(The 2017 SXSW Film Festival opened on March 10 and runs all week until March 18. HtN has you covered and GUARANTEE more coverage than any other site! Check out this review of The Transfiguration, Michael O’Shea’s debut feature which is a chatty 90’s indie throwback).
At the very start of The Transfiguration, the directorial debut of Michael O’Shea, a man in a public bathroom hears something – a sucking sound – coming from one of the stalls. He listens; it persists. Lowering himself to the floor, he peers up from below the door, only to see two sets of feet, the one facing the other, and the bodies grinding together as if in sexual union. Appalled, he flees. If only he knew what was really happening, he’d run even faster. For this is our introduction to Milo, a teenage outcast, picked on by bullies, who has chosen to explore the world of vampirism, preying on those who cross his path and seem easy marks, a revenge upon his own misery.
Milo (Eric Ruffin, Nature Calls) is small for his age, and lives in the projects, an African-American kid living with his older brother Lewis, an army veteran. Both parents are dead, and the gang members – former friends of Lewis – tease Milo as “the freak.” Little do they realize how right they are, for even their predatory ways do not include drinking the blood of their victims. Soon, however, Milo finds his world – his rules as a vampire, carefully written down in a notebook – thrown into disorder by the arrival of Sophie (Chloe Levine, King Jack), a white girl forced to live with her abusive grandfather after her own parents die. Both are lonely, both in need of friend, and Milo, for one, recognizes the parallels from one of the vampire films he adores, Let the Right One In, only with the genders reversed.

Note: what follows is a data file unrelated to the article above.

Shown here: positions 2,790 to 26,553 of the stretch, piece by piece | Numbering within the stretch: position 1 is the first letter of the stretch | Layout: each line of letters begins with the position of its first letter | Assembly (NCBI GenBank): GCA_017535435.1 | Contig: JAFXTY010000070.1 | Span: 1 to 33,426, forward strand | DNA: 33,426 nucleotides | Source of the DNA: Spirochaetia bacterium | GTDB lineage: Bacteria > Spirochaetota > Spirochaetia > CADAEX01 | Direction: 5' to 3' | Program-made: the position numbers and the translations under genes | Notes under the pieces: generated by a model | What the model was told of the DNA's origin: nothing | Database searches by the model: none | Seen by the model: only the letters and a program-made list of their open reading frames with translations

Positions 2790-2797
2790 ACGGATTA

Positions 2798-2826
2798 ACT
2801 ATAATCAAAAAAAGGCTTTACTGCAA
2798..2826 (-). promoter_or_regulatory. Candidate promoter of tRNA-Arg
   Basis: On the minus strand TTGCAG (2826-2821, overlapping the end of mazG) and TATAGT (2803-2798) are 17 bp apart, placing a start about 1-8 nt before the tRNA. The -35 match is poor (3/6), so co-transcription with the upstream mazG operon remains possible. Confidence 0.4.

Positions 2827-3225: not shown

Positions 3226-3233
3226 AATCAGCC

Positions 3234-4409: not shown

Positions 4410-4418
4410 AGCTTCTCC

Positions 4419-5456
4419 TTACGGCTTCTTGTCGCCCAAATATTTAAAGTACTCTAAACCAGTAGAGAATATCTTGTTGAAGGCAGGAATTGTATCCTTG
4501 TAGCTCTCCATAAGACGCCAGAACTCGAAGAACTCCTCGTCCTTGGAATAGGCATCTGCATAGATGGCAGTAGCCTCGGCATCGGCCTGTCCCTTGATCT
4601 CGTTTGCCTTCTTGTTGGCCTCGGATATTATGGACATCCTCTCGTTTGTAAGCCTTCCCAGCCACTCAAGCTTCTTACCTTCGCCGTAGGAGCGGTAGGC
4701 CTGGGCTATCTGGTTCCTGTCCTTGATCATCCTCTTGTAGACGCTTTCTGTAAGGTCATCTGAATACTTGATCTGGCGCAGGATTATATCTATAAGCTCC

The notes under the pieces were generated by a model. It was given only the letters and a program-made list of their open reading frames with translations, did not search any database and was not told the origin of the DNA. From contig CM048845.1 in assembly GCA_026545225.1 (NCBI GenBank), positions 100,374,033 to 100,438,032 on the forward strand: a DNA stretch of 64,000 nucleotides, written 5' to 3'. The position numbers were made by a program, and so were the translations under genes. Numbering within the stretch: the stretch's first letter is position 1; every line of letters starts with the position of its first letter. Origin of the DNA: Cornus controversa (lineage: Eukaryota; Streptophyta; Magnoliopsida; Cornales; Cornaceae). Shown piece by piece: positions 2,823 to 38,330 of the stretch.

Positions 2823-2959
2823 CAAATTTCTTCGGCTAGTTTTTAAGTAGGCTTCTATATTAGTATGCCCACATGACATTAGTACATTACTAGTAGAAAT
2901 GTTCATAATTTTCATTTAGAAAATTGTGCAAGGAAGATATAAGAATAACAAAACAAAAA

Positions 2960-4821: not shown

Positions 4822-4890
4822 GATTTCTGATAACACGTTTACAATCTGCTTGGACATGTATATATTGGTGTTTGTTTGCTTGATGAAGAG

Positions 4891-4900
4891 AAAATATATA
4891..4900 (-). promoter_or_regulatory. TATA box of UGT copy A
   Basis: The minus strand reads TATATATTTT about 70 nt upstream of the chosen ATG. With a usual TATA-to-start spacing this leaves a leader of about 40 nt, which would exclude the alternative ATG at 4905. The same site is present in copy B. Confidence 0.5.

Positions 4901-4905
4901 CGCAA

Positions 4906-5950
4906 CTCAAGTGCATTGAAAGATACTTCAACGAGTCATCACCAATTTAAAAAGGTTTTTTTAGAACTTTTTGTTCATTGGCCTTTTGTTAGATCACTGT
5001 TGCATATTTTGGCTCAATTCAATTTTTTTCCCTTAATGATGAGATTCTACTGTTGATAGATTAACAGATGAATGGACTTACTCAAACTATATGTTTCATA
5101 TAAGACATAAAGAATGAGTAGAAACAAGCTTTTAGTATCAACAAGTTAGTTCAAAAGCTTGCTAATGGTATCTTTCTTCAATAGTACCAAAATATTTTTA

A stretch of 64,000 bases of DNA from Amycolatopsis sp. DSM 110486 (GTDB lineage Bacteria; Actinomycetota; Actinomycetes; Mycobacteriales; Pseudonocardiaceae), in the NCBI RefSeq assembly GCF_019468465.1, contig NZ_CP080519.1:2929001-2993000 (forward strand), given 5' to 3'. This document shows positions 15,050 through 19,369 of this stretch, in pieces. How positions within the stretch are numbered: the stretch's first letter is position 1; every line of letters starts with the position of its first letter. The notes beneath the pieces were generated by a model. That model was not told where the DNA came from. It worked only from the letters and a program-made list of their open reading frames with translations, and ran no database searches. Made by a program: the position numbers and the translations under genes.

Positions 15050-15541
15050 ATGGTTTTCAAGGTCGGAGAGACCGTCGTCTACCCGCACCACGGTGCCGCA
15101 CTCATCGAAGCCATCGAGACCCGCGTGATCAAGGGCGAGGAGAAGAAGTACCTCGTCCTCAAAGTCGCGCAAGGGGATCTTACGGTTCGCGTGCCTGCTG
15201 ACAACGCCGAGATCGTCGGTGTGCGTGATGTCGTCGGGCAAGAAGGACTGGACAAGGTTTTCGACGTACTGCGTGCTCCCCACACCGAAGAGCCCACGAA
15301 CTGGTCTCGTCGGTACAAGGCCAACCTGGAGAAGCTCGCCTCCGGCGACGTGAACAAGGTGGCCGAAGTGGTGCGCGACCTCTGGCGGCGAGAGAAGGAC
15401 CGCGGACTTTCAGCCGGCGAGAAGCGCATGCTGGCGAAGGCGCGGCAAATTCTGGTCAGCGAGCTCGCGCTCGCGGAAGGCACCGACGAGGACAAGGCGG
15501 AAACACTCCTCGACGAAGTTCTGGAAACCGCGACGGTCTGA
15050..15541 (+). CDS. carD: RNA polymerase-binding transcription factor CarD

Is Milo an actual vampire, or just in thrall to the idea? If he believes it, perhaps it is so. But no one can go long as a butcher of innocents before paying some kind of price, and so Milo confronts the aftermath of his evil deeds, alone, unable to fully confess, even to Sophie. Perhaps there is a way to redeem himself through her, by giving her the means to escape her own dire situation. Beautifully directed and shot, The Transfiguration is that marvelous cinematic object: a meditation on action and consequence in which the latter manifests itself in surprising ways. O’Shea does wonders with his young cast, in what could have been a tired retread of a well-worn genre, giving us a deeply moving portrait of a killer and his redemption.
– Christopher Llewellyn Reed (@ChrisReedFilm)